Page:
On Appeal from the United States District Court for the Western District of Pennsylvania (Erie), C.A. No. 85-85 E.
Weis and Stapleton, Circuit Judges, and Sarokin, District Judge*fn*
In this dispute concerning malpractice insurance coverage, Pepicelli, Pepicelli, Watts & Youngs, P.C., ("the Law Firm") appeals from a grant of summary judgment to Niagara Fire Insurance Company judgment to Niagara Fire Insurance Company ("Niagara").*fn1 The district court found no coverage under the Law Firm's malpractice policy for claims alleging negligence and breach of contract in the Law Firm's representation of Perma Tread corporation ("Perma Tread"). Because we find that the claims made by Perma Tread do not constitute claims omitted from coverage under the malpractice policy's exclusion, we will reverse and remand with a direction that judgment be entered for the Law Firm.
John Pepicelli ("Pepicelli") owns all the shares of World of Tires, Inc. ("World of Tires"). In addition, Pepicelli practices law and is the major shareholder in the Law Firm, a professional corporation. Victor Leap and Russell Klasen are the sole shareholders of Perma Tread.
From June to October, 1980, Perma Tread owned a tire recapping plant. On October 16, 1980, World of Tires entered into a purchase agreement with Perma Tread. World of Tires agreed to buy the tire recapping plant for $350,000, consisting of a $10,000 cash down payment, $140,000 to be paid from the immediate sale of various plant assets, and a $200,000 World of Tires' note secured by the plant's remaining equipment. The final closing date of the deal was April 1, 1981.
Pursuant to the terms of the purchase agreement, World of Tires obtained fire and hazard insurance from the American Insurance Corporation ("American"). World of Tires was a named insured under the policy. Although both parties here refer to Perma Tread as a loss payee under the policy, the record is unclear as to whether Perma Tread was a loss payee or simply an additional named insured. See, e.g., III App. at 369, 378, 388. The policy limit was $250,000.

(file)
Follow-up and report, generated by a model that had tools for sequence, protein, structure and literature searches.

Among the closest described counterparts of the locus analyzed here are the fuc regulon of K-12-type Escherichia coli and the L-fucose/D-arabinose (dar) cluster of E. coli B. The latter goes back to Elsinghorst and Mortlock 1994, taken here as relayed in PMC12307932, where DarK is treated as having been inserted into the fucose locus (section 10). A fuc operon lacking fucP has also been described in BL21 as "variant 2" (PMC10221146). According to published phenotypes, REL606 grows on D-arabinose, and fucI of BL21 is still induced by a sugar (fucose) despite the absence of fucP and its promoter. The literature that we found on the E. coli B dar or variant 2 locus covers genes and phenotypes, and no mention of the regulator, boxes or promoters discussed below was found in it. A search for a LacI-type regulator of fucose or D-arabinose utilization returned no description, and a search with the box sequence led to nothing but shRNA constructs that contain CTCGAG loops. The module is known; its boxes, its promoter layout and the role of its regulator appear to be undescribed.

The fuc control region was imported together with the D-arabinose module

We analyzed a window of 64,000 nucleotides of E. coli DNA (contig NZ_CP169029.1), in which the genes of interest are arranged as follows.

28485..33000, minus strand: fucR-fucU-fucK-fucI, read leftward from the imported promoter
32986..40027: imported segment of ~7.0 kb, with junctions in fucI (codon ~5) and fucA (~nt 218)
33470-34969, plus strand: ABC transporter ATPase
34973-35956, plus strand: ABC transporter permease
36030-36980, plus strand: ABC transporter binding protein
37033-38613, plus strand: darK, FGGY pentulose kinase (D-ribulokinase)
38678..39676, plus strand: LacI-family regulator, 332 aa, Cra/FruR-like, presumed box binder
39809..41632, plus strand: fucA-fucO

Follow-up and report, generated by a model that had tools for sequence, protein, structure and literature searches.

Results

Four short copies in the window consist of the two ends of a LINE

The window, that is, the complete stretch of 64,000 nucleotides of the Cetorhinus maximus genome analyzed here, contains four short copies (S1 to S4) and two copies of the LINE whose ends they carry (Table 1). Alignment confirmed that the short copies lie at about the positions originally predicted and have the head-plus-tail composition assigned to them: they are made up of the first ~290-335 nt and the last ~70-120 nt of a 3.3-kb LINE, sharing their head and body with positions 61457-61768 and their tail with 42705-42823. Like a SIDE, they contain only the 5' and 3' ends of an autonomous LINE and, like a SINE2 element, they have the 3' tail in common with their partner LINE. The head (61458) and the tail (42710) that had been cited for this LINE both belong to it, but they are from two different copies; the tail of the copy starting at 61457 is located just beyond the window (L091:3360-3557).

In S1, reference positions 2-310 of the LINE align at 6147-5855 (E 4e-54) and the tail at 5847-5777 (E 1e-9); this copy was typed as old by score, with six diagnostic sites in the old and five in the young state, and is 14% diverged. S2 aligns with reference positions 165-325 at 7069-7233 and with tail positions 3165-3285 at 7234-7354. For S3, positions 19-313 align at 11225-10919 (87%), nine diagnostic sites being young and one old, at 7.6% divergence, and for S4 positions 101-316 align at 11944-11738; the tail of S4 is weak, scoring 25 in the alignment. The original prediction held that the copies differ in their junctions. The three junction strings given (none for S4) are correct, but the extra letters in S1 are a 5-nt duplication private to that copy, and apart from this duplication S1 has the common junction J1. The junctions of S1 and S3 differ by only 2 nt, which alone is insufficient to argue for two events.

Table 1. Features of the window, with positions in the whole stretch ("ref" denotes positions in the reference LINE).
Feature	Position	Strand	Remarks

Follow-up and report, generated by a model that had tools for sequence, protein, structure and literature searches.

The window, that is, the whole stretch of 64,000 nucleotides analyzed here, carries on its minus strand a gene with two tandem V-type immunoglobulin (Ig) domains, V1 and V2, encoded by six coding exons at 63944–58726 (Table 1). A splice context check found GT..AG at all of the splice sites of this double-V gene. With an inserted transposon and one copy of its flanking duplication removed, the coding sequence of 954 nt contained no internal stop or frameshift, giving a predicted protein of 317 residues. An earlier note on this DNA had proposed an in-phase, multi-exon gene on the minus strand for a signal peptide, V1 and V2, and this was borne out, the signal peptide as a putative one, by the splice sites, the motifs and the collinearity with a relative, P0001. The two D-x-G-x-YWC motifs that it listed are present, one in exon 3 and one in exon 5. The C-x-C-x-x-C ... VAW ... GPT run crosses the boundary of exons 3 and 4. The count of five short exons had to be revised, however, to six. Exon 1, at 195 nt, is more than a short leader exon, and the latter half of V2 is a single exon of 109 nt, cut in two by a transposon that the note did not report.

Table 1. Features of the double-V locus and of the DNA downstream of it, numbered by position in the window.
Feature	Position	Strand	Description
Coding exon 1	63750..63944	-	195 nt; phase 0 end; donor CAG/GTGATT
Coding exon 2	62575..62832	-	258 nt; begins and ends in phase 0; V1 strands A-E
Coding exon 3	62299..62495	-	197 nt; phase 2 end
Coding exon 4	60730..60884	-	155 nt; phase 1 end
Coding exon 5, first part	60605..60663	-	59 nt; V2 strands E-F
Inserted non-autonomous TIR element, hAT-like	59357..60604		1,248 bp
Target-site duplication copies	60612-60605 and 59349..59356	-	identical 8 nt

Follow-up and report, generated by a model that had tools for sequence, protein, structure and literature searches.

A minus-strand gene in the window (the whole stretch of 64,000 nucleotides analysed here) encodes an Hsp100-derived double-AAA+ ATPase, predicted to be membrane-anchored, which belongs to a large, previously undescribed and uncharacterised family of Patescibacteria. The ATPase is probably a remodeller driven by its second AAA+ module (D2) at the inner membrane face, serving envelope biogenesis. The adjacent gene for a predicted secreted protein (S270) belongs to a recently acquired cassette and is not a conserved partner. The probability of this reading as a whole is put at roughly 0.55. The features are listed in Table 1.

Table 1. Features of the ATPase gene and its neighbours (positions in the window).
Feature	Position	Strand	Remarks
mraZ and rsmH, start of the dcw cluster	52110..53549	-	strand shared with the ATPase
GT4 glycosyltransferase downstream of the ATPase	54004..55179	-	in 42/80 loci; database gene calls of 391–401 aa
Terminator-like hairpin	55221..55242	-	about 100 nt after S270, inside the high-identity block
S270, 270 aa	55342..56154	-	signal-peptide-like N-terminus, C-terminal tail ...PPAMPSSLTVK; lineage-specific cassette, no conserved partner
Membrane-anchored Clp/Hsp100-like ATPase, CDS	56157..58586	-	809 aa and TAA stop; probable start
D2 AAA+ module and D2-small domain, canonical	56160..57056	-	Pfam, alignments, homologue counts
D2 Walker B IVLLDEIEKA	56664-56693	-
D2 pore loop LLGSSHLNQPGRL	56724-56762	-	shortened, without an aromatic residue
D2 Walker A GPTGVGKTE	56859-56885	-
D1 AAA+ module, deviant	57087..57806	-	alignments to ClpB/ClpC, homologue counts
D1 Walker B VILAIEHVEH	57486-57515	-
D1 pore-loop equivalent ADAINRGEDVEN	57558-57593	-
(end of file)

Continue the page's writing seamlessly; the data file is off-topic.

On December 26, 1980, a fire destroyed almost all the assets being purchased by World of Tires, leaving only salvage of a nominal value. At the time of the fire, World of Tires still owed Perma Tread approximately $260,000 according to the purchase agreement.
After the fire, Russell Leap and victor Klasen of Perma Tread hired the Law Firm to collect compensation for the loss from American. A hand-written note, dated March 28, 1981, from Pepicelli to Leap and Klasen states that the agreed-upon fee for the Law Firm's services to Perma Tread was $5000. While this note implies World of Tires might play some role in collecting the fire insurance claim, it points out that Perma Tread would receive all the insurance proceeds. On February 18 and again on April 14, 1981, Pepicelli submitted documents to American that indicated a loss of $312,601. American thereafter offered to settle the fire claim for $112,136. Pepicelli termed the offer "ridiculous." III App. at 224.
Stephen Toole, another attorney in the Law Firm, then filed suit against American, naming World of Tires as the plaintiff. In its answer, American raised the defense of fraud, alleging that World of Tires had prepared a fraudulent proof of loss. Perma Tread, by this time represented by counsel from outside the Law Firm, intervened as a plaintiff in the fire insurance action prior to trial. The trial court, however, issued a directed verdict against Perma Tread because by the time it intervened, its claim was barred under the one-year contractual limitation on actions under the fire insurance policy. Trial before a jury resulted in a verdict against World of Tires and for the insurance company. As the trial judge stated, "This verdict could only have been based upon the belief that the defendant had established its affirmative defense of fraud or false swearing." III App. at 370.
Perma Tread and its shareholders, Leap and Klasen, then initiated a malpractice action against the Law Firm. The malpractice litigation is being held in abeyance until this declaratory judgment suit determines whether Niagara must defend and indemnify the Law Firm under its malpractice policy. Perma Tread alleges in its complaint that Pepicelli and the Law Firm committed malpractice by inter alia failing to name Perma Tread as a plaintiff in the fire insurance suit, submitting erroneous proof of the fire loss, and failing to advise Perma Tread in a timely fashion that fraud had been raised as a defense by the fire insurance carrier.
The lawyers' liability insurance policy at issue ...